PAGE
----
Research

The Future of Work When Machines Take It Over

A comparison of human-machine working hours for 2018 and 2022.

A comparison of human-machine working hours for 2018 and 2022. Source: Future of Jobs Survey 2018, World Economic Forum.

Will we humans lose more jobs than we gain when machines take over the world of work, or will it be just the opposite? The experts are still trying to figure that out.

In December 2017, a report from management consulting firm McKinsey & Company, "Jobs Lost, Jobs Gained: Workforce Transitions in a Time of Automation," predicted that between "almost zero" and a third of work activities could be displaced by 2030, with wide variation among countries. (The more advanced the economy, the more likely the impact of automation.) While workforce transitions could hit between 75 million and 375 million people, overall, McKinsey found, more occupations will change than will be lost in a machine-driven world.

Yet recently, the Bank of England's top economist predicted to the BBC that artificial intelligence and the use of machines would require a massive "skills revolution" to avoid "a widespread 'hollowing out' of the jobs market, rising inequality, social tension and many people struggling to make a living."

Now, a new viewpoint on the topic has been published by the World Economic Forum, the nonprofit that draws world leaders in politics, business and culture to Davos, Switzerland, each year. "The Future of Jobs Report 2018" examines the possible outcome for the "Fourth Industrial Revolution," the name given to the movement that describes work traditionally done by humans being handled by "machines and algorithms."

The bottom line offered by the latest report: a "net positive outlook for jobs." While about half of today's jobs will remain "stable" up to 2022, the rest will need to undergo adaptation through reskilling and upskilling.

This is the second time the Forum has tackled the subject of jobs. Two years ago, it issued its first report on the topic. The latest edition covers the 2018-2022 period. Researchers surveyed human resources leaders in the world's largest employers, representing some 15 million workers and 12 industry segments, to understand their decisions regarding planning, hiring, training and investment.

As a backdrop to the technology underpinnings, the report identified "positive" drivers affecting the world of work and "negative" drivers. Among the positive: ubiquitous high-speed mobile internet, artificial intelligence, broad adoption of big data analytics and cloud technology. Among the negative ones: increased protectionism, increased cyber threats, shifts in government policy, the effects of climate change and societies that are increasingly aging.

Across all industries, by 2022, the Forum wrote, growth in "emerging professions" is expected to increase their share of employment from 16 percent to 27 percent among the total employee base of company respondents. Simultaneously, employment share of declining roles is set to decrease from its current 31 percent to 21 percent.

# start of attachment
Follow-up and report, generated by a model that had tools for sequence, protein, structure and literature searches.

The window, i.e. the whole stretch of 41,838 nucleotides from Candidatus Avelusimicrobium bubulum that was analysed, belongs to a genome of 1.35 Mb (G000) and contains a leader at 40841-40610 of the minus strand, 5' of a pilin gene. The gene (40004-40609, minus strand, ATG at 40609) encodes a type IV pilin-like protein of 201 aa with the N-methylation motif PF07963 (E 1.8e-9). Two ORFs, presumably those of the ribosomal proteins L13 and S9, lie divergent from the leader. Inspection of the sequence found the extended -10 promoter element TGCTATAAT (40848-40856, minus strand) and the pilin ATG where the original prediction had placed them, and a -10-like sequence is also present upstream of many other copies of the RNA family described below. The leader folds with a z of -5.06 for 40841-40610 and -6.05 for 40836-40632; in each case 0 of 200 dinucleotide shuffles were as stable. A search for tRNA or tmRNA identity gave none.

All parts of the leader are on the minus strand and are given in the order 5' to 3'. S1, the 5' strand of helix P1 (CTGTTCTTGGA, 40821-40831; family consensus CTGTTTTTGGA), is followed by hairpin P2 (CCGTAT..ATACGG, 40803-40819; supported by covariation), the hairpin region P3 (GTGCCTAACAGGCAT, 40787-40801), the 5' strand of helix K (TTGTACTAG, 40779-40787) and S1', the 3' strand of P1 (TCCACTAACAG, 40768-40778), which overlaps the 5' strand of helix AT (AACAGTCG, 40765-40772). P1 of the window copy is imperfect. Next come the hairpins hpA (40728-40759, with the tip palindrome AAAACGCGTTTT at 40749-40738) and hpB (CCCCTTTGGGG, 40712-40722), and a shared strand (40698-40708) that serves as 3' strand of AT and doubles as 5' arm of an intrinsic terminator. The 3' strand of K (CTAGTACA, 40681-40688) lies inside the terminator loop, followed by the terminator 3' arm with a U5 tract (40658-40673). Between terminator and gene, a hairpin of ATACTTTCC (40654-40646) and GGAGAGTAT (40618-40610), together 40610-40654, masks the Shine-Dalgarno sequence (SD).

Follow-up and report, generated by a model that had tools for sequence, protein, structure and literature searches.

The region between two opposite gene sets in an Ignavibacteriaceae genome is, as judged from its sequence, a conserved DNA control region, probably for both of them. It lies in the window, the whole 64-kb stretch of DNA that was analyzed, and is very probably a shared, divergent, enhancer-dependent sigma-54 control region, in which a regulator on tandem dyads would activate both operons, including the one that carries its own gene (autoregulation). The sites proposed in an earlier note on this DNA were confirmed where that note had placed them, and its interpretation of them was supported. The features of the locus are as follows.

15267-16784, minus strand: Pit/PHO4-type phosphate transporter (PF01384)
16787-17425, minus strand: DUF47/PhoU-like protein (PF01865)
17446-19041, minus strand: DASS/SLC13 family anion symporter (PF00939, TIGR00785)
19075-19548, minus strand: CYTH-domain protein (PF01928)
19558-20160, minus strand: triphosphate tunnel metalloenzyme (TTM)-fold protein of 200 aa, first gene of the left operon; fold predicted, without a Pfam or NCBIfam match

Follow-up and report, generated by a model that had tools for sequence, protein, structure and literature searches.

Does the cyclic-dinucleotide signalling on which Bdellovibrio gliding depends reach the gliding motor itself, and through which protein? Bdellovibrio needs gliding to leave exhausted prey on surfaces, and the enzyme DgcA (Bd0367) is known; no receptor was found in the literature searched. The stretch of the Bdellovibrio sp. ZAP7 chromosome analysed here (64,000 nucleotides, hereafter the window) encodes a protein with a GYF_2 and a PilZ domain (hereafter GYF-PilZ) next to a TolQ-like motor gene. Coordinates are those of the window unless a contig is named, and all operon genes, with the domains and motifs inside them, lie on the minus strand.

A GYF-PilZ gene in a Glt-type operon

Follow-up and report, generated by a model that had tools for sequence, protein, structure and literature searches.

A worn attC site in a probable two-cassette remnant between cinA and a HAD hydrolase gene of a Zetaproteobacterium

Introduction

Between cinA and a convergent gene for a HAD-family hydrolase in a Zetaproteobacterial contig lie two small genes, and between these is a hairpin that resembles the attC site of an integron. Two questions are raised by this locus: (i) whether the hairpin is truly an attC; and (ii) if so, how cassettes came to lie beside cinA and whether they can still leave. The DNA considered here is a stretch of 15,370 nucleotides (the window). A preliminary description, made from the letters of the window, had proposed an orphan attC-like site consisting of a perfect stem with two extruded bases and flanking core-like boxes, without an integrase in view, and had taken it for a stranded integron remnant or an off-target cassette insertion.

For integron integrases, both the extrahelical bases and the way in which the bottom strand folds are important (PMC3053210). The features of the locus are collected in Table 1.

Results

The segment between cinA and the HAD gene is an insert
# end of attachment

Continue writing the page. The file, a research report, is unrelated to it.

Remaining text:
What are the jobs that will see continued growth? The report listed these conventional roles that rely on technology:

  • Data analysts and scientists;
  • Software and applications developers; and
  • E-commerce and social media specialists.

And these, which rely on "distinctively 'human'" skills:

  • Customer service workers;
  • Sales and marketing professionals;
  • Training and development;
  • People and culture;
  • Organizational development specialists; and
  • Innovation managers.

Also on the rise, newish roles dedicated to understanding and applying emerging technology:

  • AI and machine learning specialists;
  • Big data specialists;
  • Process automation experts;
  • Information security analysts;
  • User experience and human-machine interaction designers;
  • Robotics engineers; and
  • Blockchain specialists.

Importantly, the "vast majority" of people surveyed for the report anticipate that by 2022 the skills needed for most jobs "will have shifted significantly." That's quantified. Average skills stability — the proportion of core skills required to perform a job that will remain the same — is expected to be about 58 percent, which means that workforce skills will see an average shift of 42 percent between now and 2022.

The result will be a "reskilling imperative," demanding skills training in multiple areas in technology as well as soft skills, such as creativity, originality and initiative, critical thinking, persuasion and negotiation, attention to detail, resilience, flexibility and complex problem-solving. Three areas that will see an "outsized increase in demand relative to their current prominence" are emotional intelligence, leadership and social influence, and service orientation.

Although the respondents in the survey expected their companies to invest in filling the skills gaps among their workforce with on-the-job training, formal education providers get a nod too. According to the report, alongside policymakers and regulators, educators "will need to play a fundamental role in helping those who are displaced repurpose their skills or retrain to acquire new skills and to invest heavily in the development of new agile learners in future workforces by tackling improvements to education and training systems."

The report on the future of jobs is openly available on the World Economic Forum website.

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